WASHINGTON – President Donald Trump’s perseverance in the pursuit of friendly relations with Vladimir Putin has highlighted a growing disconnect within the administration on Russia policy. Trump speaks lovingly of Putin and a desire for better relations with Moscow, but the rest of his executive power remains very critical and deeply suspicious of the Russian president and the Kremlin’s intentions.
The strong contrast in the approach has been thrown into sharp relief as Trump and Putin prepare for their summit in Finland on Monday, amid heavy criticism of Russia from Trump’s of the State Department, the Ministry of Justice, Department of Treasury and the Ministry of Defence.
That could be interpreted as a good cop-bad cop ” strategy with Russia. But the mixed messaging has left America’s friends and allies in the war, especially after a controversial NATO summit where Trump questioned the value of the alliance that Putin has long denounced, and sought to weaken.
Just three days before the Helsinki summit, the Ministry of Justice announced the indictment of 12 Russian intelligence officers in special counsel Robert Muller’s investigation of Moscow meddling in the 2016 U.S. presidential election. That brings to 25 the number of Russians charged in the investigation. Trump has denied any cooperation with Russia and has repeatedly cited Putin’s denials of a Russian intervention in the campaign, which suggests that there is little or nothing he can do to demand accountability. The Kremlin has denied that the Russian state interfered in the election.
The indictments were unsealed just a few hours after Trump again referred to Mueller’s investigation as a “witch hunt” and after the president told reporters during a press conference with the British Prime Minister Theresa May, “I think I would have a very good relationship with Putin as we spend time together.”
A day earlier in Brussels, Trump said that he would raise the election issue with Putin, but also said: “I do not think that you have a ‘Gosh, I knew it, I knew it. You have me!” There will not be Perry Mason here, I don’t think so. But I will definitely firmly demand.”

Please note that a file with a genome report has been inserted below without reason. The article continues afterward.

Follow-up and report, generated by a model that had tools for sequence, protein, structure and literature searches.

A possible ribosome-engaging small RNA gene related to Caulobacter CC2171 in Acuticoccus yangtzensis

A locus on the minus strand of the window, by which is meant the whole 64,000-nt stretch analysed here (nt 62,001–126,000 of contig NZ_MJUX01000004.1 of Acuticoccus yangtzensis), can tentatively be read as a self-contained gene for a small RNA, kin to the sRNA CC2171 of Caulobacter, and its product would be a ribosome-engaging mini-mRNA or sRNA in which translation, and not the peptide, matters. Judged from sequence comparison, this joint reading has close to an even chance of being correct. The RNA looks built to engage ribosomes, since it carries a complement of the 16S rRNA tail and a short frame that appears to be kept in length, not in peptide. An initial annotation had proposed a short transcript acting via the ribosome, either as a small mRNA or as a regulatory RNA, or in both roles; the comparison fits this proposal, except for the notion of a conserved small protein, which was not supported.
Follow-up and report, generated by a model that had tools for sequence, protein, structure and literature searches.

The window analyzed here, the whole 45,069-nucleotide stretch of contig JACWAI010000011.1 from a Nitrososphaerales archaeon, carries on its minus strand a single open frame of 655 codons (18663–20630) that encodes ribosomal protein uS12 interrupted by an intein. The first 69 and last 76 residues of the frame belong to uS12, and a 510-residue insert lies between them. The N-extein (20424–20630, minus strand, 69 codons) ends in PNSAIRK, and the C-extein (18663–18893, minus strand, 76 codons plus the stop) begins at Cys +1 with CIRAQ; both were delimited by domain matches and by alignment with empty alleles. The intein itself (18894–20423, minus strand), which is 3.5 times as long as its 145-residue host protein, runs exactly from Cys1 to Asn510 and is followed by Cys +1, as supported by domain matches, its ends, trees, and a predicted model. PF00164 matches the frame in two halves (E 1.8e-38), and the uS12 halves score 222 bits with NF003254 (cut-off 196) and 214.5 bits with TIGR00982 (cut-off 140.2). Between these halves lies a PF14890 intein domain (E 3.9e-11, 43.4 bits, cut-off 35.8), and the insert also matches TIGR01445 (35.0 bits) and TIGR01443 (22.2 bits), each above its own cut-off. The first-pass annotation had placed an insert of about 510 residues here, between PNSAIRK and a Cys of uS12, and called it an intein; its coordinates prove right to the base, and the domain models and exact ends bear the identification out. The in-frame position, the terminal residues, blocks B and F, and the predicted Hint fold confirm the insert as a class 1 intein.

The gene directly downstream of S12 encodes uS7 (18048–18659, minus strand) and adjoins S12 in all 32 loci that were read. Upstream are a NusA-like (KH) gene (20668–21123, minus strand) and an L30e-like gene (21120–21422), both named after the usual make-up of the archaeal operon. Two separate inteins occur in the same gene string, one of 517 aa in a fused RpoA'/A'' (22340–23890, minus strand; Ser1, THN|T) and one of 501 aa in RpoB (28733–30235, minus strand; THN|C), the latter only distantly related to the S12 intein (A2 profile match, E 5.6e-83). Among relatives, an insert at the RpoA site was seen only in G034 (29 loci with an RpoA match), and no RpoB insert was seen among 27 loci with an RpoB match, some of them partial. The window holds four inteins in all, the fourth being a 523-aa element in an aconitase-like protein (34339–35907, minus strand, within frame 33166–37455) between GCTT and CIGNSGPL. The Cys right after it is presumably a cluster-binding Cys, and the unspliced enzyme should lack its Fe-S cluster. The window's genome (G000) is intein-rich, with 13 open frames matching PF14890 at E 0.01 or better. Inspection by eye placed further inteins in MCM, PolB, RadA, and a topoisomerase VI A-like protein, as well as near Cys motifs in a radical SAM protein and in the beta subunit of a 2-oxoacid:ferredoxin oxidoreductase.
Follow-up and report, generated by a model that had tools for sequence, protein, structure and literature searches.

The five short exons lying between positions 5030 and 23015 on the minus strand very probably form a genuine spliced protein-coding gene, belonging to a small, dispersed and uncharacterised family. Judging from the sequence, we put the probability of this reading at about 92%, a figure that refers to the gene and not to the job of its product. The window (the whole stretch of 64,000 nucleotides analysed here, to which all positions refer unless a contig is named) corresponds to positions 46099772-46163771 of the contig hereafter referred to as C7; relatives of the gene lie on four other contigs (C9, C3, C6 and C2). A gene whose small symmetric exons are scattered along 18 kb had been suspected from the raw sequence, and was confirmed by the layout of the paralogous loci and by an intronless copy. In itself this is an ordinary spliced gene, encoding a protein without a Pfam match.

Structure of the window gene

Trump has also expressed little interest in the continuation of the harsh AMERICAN criticism of the Russian activities in Syria, Ukraine and elsewhere, and from Russia the human rights. In fact, he has doubts about the U.S. requirements for Russia to return to Ukraine the territory of the Crimea, adopted in 2014, and has proposed that a bargain may be in the works for the Russian ally Bashar Assad to remain in force for an indefinite period of time in Syria.
Compare that with the messages of the State Department.
Under Trump, the department has issued ordinary stinging criticism of Russia, including on human rights and press freedom. Which have been incurred since former CIA Director Mike Pompeo was installed as the top U.S. diplomat in April, and despite the chairman of the increasing need for friendship with Putin.
With a lead of Russia’s national day on June 12, Pompeo said that the United States honors “the citizens of the Russian Federation and their aspirations for the democratic principles of universal freedom, civil liberties, and the rule of law.” On July 6, the department spokeswoman Heather Nauert condemned the “selective targeting” by Russia of AMERICAN-funded news organisations. And on Thursday, the department criticized a “pattern of harassment and violence against people who express a difference of opinion about Russia.”
Pompeo is also steadfast in his support of the NATO.
While Trump was questioning the commitment of the NATO allies on this past week’s summit in Brussels, where the leaders agreed on modest steps to improve the military preparedness in Europe, mainly against Russia, Pompeo was praising the 29-nation group as “the most successful alliance in history.”
Pompeo also warned in a tweet: “Weakness is caused; the strength and the coherence to protect it”.
Secretary of defense Jim Mattis is no less critical of Russia and its attempts to weaken or completely undermine the trans-Atlantic alliance.
“Putin wants to break NATO,” he told graduated at the U. S. Naval War College in the last month. “He is committed to reducing the attraction of the Western democratic model, and attempts to undermine America’s moral authority. His actions are not designed to meet the challenge of our arms at this point, but to undercut and at the expense of our faith in our ideals.”
Measure that against Trump’s suggestion for a rancorous summit of the Group of Seven last month in Canada that the leading industrialized countries and Russia in the elite group of democracies — a suggestion that was short shrift of the other nations.
And if Trump has spoken about bringing Putin back into the international fold, the Ministry of finance has continued to impose sanctions on various Russian officials, companies and entrepreneurs.
Days after the G-7, the Treasure chest on the black list of five Russian companies and three persons, some of whom are accused of direct support of the Russian intelligence service in his efforts for the execution of cyber attacks, including penetration in the America’s energy grid, and threats to the underwater cables that transmit much of the world is communication of data.